|Author||Willis, Matthew J|
|Source/Publisher||Australian Institute of Criminology|
|Subjects||Community development, Violence|
This report on the development of a community safety survey arose from a need for a greater level of awareness about the behaviours and circumstances that affect community safety and the services available to communities to deal with them. Some of the initiatives being taken by Indigenous Australians to respond to their safety concerns and to identify community priorities and needs are identified. The perceptions of service providers, who often work with the people affected by safety problems and contribute to resolutions, are a valuable way of building this knowledge. While service provider respondents felt safe in most situations, they were concerned about their safety at night and the safety of others in the community, particularly female children and young people. The report highlights the challenges that exist for Indigenous Australians in being able to make use of available services that can lead to real gains in community safety. Victims of crime need to be confident they can go to police for help without fear of retribution and further victimisation. Children need to go to school and not have their education affected by the consequences of behaviours like family violence, alcohol use and gambling. The report also points to the desire for community-based services targeting specific needs, such as men’s places and community patrols that can play a vital role in preventing unsafe behaviours from occurring or minimise the impacts on victims. The project has produced a questionnaire and methodology for use by Indigenous organisations, service agencies and policymakers. Together with the draft guidelines included in the report, these tools can help create an evidence base for developing initiatives that build on the resilience and capacity in Indigenous communities.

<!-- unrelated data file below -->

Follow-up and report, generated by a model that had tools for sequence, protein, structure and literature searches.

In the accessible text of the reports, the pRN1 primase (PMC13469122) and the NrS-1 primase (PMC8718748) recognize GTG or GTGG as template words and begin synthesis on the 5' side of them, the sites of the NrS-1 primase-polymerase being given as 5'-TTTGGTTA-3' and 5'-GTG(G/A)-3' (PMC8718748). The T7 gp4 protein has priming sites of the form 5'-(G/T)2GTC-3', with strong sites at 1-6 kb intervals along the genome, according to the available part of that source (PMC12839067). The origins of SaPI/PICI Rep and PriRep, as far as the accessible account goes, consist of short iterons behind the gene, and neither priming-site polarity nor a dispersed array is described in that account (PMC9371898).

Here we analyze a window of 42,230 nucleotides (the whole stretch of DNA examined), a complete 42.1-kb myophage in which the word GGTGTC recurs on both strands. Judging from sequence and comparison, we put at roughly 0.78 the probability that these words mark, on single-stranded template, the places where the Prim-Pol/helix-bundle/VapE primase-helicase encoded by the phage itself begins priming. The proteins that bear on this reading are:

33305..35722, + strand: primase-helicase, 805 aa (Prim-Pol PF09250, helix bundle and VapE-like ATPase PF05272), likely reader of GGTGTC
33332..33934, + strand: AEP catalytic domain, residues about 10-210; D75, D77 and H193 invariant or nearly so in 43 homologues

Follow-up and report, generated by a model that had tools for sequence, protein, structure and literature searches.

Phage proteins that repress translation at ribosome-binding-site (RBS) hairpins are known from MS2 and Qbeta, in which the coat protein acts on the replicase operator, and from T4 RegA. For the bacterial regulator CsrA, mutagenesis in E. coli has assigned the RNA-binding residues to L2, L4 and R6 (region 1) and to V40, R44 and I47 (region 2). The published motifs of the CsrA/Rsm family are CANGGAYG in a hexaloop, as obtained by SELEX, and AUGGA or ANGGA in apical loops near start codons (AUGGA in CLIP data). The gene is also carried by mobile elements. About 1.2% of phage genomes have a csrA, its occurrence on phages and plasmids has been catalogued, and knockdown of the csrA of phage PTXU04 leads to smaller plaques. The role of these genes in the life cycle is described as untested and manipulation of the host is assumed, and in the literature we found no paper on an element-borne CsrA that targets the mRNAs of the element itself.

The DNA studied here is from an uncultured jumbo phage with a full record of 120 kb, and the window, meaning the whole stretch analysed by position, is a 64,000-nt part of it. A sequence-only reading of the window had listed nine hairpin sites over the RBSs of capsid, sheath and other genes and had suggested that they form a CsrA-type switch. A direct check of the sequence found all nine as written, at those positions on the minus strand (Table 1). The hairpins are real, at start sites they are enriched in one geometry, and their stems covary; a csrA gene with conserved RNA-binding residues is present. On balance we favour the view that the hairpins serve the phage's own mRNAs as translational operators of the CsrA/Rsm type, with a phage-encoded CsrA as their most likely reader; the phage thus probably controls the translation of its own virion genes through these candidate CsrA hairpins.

© Australian Institute of Criminology 2010 ISSN 1836-2060 (Print) 1836-2079 (Online) ISBN 978 1 921532 72 6 (Print) 978 1 921532 73 3 (Online) Apart from any fair dealing for the purpose of private study, research, criticism or review, as permitted under the Copyright Act 1968 (Cth), no part of this publication may in any form or by any means (electronic, mechanical, microcopying, photocopying, recording or otherwise) be reproduced, stored in a retrieval system or transmitted without prior written permission. Inquiries should be addressed to the publisher.